Cockneys vs Zombies: Michelle Ryan Interview
"Are you SURE you need to see my Travelcard?"
There’s an unwritten journalistic law that says you can’t mention Michelle Ryan without sticking the words “former EastEnder” in the same sentence – and we don’t have the moral courage required to break it. But she’s also no stranger to SFX territory: having starred in the short-lived update of The Bionic Woman, and been a one-time-only companion of David Tennant’s Doctor in a Doctor Who special, Michelle’s been an SFX cover star twice!
She’s never been in a horror movie before, though, so Cockneys vs Zombies represents a first for the Ryan CV. In this British horror-comedy, scripted by Doctor Who and Torchwood writer James Moran, Ryan plays Katie, who’s helping her cousins carry out a bank robbery when the zombie apocalypse kicks off, and gets a nasty surprise when they emerge to make their getaway to find the streets crawling with the living dead. We caught up with Michelle on location, back in April 2011.
SFX: So is this the kind of film that you would normally watch?
Michelle Ryan: Well, zombie movies have not really been hugely on my radar. Then I was shown Shaun Of The Dead and I was like, “Ohhhh okay, there’s a really strong genre there.” Then just before we started shooting this, I watched [1974 film] The Living Dead At The Manchester Morgue, and I realised how scary the zombies are. Because I was thinking zombies are not something that really scares me, but then I watched that movie and they move so fast, they’re intent on killing, and they’re just scary!
That’s quite an obscure movie! How did you come to watch that?
Oh, I love obscure movies. I think I probably read about it in a magazine, and I love those old-school movies. And I think this film has a sense of that old-school mentality. It’s the Cockneys’ version of how they defeat the zombies – it’s very raw and it’s that family unit muddling through. They shouldn’t defeat them, but they do!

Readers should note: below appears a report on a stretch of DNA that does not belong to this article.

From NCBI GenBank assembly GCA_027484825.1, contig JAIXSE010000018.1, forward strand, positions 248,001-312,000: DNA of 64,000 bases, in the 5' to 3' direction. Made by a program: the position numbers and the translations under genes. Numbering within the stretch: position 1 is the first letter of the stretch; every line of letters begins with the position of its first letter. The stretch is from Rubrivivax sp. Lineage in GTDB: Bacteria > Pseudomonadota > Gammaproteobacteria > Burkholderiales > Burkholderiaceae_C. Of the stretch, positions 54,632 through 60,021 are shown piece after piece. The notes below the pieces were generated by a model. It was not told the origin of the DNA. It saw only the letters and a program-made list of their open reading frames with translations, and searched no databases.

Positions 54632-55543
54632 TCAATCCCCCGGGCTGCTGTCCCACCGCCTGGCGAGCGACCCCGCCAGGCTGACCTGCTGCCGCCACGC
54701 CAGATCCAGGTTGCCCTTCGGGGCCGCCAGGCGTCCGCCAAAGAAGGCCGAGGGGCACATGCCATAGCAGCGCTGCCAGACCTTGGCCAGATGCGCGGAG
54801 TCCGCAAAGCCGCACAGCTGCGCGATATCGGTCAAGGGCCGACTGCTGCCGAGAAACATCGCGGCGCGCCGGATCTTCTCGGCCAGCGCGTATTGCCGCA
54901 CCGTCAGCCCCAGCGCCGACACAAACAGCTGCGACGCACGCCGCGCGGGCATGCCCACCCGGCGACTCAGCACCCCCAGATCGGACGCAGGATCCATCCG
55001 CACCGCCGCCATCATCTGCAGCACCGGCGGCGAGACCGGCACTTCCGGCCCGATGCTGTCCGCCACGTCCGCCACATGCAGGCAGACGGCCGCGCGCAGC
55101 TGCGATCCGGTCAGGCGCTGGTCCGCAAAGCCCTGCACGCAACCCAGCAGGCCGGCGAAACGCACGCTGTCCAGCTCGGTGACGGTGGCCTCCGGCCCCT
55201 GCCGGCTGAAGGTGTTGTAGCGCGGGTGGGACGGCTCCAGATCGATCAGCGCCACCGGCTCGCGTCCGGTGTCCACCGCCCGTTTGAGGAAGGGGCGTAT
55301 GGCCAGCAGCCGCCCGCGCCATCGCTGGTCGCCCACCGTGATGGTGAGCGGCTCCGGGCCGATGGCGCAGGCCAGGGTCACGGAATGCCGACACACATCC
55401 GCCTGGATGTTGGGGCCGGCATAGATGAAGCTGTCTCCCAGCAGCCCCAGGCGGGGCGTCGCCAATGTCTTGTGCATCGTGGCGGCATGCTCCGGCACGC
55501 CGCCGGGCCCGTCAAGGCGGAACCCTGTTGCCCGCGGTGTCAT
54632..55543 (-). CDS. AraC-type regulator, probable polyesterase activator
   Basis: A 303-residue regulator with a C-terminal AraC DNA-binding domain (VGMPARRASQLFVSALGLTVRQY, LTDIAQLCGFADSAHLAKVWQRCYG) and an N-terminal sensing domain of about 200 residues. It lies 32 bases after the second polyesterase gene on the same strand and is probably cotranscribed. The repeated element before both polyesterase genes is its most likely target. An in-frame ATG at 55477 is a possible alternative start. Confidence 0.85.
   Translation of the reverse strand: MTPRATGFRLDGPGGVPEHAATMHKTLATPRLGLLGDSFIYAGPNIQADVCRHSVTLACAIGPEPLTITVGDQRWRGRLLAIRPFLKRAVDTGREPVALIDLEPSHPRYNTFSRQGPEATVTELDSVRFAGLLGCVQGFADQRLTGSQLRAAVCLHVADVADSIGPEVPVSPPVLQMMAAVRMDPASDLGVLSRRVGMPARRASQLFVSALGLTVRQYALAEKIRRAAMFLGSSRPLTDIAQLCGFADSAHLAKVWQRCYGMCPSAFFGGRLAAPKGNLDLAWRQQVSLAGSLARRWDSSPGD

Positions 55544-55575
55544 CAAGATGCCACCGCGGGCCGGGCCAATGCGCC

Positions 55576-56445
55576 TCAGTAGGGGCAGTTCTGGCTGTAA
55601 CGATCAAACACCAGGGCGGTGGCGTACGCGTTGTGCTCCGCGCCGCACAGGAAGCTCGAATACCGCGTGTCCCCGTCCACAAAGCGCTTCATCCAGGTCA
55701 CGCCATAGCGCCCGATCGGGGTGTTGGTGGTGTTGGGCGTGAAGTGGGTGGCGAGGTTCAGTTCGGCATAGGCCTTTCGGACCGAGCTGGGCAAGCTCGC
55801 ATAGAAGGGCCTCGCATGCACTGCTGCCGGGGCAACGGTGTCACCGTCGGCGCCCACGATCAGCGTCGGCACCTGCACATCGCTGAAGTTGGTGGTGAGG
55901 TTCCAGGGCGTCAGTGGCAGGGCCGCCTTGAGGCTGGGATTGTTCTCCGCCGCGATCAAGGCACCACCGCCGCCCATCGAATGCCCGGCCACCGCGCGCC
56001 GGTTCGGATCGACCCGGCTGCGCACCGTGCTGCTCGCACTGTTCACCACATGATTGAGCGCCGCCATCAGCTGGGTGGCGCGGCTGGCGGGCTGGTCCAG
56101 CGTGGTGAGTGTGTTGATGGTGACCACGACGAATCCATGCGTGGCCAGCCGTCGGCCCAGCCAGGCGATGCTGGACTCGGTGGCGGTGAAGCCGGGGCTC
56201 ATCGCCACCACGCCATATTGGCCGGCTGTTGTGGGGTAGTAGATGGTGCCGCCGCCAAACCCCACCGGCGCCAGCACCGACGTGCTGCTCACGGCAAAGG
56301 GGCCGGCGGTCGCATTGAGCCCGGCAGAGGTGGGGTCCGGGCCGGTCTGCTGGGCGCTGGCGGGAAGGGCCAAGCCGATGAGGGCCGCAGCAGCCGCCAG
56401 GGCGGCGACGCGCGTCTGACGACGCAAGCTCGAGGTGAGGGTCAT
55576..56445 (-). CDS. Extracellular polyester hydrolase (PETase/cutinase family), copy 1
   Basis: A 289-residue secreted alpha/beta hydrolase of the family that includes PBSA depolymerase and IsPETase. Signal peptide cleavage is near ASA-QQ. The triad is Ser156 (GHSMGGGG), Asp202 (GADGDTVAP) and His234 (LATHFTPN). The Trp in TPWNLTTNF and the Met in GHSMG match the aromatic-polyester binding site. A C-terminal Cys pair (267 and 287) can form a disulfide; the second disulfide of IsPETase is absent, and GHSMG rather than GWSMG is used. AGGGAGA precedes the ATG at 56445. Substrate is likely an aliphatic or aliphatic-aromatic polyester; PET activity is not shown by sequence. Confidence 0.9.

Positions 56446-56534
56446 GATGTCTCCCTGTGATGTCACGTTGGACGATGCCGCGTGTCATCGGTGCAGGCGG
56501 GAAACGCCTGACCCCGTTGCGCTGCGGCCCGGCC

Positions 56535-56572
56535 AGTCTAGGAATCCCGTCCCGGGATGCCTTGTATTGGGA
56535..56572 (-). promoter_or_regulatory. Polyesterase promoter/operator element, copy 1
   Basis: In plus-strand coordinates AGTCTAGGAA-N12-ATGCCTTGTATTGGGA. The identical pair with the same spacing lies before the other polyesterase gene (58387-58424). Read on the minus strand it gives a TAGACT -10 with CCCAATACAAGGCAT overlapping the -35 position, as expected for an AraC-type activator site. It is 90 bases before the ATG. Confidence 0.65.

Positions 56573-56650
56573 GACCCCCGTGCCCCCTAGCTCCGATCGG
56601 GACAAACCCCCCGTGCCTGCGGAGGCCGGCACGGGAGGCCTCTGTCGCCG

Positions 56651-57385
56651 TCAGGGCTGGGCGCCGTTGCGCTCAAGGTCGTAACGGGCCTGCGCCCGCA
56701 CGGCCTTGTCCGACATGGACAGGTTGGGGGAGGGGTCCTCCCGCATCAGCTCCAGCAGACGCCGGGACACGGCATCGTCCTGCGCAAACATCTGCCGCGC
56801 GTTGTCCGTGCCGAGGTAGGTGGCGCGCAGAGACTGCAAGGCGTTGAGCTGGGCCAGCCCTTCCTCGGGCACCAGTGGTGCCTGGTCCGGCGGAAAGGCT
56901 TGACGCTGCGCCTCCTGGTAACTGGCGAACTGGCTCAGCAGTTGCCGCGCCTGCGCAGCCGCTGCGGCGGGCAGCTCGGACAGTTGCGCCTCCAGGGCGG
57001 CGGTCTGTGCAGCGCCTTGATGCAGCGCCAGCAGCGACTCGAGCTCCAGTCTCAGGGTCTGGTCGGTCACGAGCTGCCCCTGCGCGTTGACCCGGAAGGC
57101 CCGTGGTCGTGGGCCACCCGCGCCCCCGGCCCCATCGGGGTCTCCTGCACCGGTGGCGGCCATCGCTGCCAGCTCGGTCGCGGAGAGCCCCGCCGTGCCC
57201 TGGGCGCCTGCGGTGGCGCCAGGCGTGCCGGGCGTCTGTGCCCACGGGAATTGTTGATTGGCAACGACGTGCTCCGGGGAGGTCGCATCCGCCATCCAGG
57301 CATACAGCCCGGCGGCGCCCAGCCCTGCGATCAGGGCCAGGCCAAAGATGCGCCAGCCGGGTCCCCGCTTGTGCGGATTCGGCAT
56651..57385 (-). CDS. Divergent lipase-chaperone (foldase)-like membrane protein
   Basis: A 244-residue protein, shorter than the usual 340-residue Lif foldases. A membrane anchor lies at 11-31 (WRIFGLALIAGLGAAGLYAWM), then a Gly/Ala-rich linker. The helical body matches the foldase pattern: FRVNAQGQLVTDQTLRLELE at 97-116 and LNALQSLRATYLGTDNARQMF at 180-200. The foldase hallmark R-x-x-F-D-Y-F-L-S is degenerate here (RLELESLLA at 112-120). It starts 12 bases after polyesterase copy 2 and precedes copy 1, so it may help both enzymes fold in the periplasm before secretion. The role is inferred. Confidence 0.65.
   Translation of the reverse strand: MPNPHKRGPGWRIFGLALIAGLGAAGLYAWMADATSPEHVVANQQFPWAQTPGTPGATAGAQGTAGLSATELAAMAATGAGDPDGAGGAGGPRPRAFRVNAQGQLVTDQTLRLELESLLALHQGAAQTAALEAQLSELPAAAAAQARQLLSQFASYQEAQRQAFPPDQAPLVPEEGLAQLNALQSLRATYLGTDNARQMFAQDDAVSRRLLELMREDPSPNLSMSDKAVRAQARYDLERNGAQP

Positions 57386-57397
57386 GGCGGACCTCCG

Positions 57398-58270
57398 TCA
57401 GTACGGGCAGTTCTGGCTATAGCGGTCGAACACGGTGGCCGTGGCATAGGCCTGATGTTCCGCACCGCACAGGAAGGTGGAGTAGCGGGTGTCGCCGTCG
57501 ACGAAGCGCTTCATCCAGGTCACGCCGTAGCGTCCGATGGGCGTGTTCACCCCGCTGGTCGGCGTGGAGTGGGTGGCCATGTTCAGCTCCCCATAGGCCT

So what appealed to you about this particular script?
When I met the director Matthias [Hoene] he was just brilliant. We spoke for an hour about movies and I was like, “Yeah, I’ll do this.” We spoke about everything from the kind of seventies genre to crazy horror films, to the way things would be shot. The title brings up certain ideas, and the producer was like, “Every cliché you’re thinking about… it’s not gonna be that.” And I was like, “Oh, good”, because I was thinking along the lines that it would be something different.
There was that period after the success of Lock, Stock And Two Smoking Barrels where everyone seemed to be doing a British gangster film – it’s not like those films, then?
No, it’s very different from that, because there’s a female character who is so ballsy, whereas that wasn’t included in those kinds of films. And it’s also about a much younger group who aren’t competent in their positions. Most of them are just flying by the seat of their pants, whereas Katie is the confident arrow amongst it all. Mainly, it’s about family and uniting. Then it’s got the much older actors too: there’s Alan Ford, who’s playing the granddad, who is head of the family, and Honor Blackman, who’s his girlfriend – so I think it’s quite different. That’s the other thing that drew me to it. I was like, “Oh, this is different.” Okay, it’s a “vs” kind of title, but it’s not anything that I’ve seen in recent years.
We know your character is a bank robber: what else can you tell us about her?
She’s pretty fearless and incredibly feisty, and isn’t interested in any flirting, or anything other than just doing the job. It’s like: “Boys, not interested!” – that’s her stance. At first she’s quite frustrated by being called in to help her cousins, Terry and Andy, to do this bank job. She feels like they’re incompetent – the team they’ve got together, it’s laughable. I mean, she’s crazy but she’s still aware that there are boundaries, whereas Mental Mickey has none. And with Davey Tuppence she’s like, “He’s just a liability. Nice enough guy, but I can’t believe you would let him organise the robbery!” So she’s a little pissed off from the start with everyone, really! Katie’s fearless and a little crazy, but she’s still thinking, “I don’t want to go to prison, we can’t get caught with guns… this needs to be done properly”. She’s come from quite a tough crowd who she’s run with, and now she’s going back to her roots, and it’s frustrating for her when things aren’t done properly. And once the zombies go crazy and take over everywhere, the whole thing is to meet up with her granddad at the OAPs’ home. He’s sort of the head of the family. Katie is pretty competent, but she’s looking to him for answers.
Click on “Next” (below right) to read the second half of the interview.